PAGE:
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A Sweet Sign of Summer: Rare Watermelons Are Back

By Sheryl Joy, NS/S Seed Distribution Coordinator. Published on April 22, 2015.

From the rich recesses of the NS/S seed vault, we are happy to bring you four watermelon varieties that have not previously been publicly available. If your garden is a good size for summer’s favorite sprawling vine, check out these varieties!

Reviving Jack Beans

By Melissa Kruse-Peeples, NS/S Conservation Program Manager. Published on March, 20, 2015.

Imagine if you could take a time machine and visit an ancient Hohokam agricultural field 1,000 years ago. The crops in that field would contain corn, green-striped cushaw squash, and tepary beans – varieties familiar to contemporary Pima and Tohono O’odham farmers. But you might also find an unusual, yet majestic, bean known today as jack beans (Canavalia ensiformis).

Meet NS/S Supporter Brooke Pickrell

We recently asked our members and supporters to send in their chile stories, and Brooke Pickrell of Ann Arbor, MI, shares her fascinating experience of growing the plants in the middle of Midwest winter (yes, it's possible!).

All About Chiles

By Melissa Kruse-Peeples, NS/S Conservation Program Manager. Published on February, 20, 2015.

Whether it is red or green in New Mexico, spicy jalapenos of Tex-mex recipes, or fiery chiltepines of the borderlands, chiles are synonymous with Southwestern cuisine and central to our culinary identity. Chiles are also a large part of the agricultural economy of our region. The hot summer climate and sandy soils of southern New Mexico and Arizona come together to create a million dollar chile industry. However, you may be surprised to learn that chiles are a relatively recent part of the 4,000 year old Southwestern agricultural history and were not commonly grown or eaten until the last several hundred years.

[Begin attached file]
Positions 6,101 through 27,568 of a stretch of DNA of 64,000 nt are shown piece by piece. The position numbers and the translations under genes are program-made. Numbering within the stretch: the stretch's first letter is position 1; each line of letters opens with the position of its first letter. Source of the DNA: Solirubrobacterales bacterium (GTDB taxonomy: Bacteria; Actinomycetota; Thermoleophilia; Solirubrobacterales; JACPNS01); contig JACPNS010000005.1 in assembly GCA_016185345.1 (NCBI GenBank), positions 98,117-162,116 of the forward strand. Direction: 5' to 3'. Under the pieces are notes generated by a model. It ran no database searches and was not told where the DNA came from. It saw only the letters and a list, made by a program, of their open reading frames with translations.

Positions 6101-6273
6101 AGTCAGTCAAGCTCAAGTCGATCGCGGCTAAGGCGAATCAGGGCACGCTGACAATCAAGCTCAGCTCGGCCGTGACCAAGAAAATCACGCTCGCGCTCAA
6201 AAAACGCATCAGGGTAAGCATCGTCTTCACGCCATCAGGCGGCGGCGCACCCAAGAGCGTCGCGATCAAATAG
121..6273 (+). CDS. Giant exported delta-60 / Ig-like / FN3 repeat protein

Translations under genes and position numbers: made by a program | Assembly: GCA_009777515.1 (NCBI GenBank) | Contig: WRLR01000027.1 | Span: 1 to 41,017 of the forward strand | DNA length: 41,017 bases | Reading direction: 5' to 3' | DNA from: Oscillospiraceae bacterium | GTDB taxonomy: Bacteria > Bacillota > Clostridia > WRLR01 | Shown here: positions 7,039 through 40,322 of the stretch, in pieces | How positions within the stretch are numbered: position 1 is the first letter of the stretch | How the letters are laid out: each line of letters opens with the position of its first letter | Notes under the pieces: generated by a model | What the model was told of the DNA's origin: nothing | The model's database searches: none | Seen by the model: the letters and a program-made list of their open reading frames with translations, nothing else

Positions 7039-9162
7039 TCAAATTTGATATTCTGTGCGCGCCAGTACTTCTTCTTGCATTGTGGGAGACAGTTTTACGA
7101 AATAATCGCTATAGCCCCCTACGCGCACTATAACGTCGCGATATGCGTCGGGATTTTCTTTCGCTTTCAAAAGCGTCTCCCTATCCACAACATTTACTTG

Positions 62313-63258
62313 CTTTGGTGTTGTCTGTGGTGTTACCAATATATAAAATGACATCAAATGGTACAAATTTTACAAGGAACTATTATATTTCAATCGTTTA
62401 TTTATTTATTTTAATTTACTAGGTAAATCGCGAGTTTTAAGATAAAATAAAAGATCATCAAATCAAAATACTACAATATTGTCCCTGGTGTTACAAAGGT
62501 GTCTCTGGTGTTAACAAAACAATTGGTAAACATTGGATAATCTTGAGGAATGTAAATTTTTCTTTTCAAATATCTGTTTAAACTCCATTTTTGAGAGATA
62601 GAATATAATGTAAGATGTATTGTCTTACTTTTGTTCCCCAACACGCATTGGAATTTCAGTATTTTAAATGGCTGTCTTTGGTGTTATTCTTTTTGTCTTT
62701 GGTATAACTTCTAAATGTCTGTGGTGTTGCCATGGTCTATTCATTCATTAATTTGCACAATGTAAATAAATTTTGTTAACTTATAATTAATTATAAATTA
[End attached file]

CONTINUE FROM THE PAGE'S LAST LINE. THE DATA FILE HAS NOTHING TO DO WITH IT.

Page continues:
Pop Science

By Joy Hought, NS/S Research & Education Program Manager and Melissa Kruse-Peeples, Conservation Program Manager. Published on January 23, 2015.

The earliest varieties of maize must certainly have had small kernels as hard as glass.
– Edgar Anderson & Hugh Cutler, Races of Maize

In many ways, popcorn growing in a farmer’s field today is an anachronism: an organism that stubbornly belongs to another time, a time not only centuries past, but millennia. Small, glassy kernels on compact little cobs were the first identifiable domesticants to emerge from corn’s wild ancestor, teosinte (Zea mays ssp. parviglumis) and haven’t changed all that much in 8,000 years. Right here in our own back yard in the Tucson Basin, some of the oldest archeological evidence of corn in North America was found dating to over 4,000 years ago. This ancient corn was similar to the modern caramel brown Chapalote flint corn but was only an inch or two in length with a very thin cob, about the size of your pinky finger. The Chapalote race of maize is still used today for pinole as well as for popping but the last few centuries the variety now produces much larger ears.

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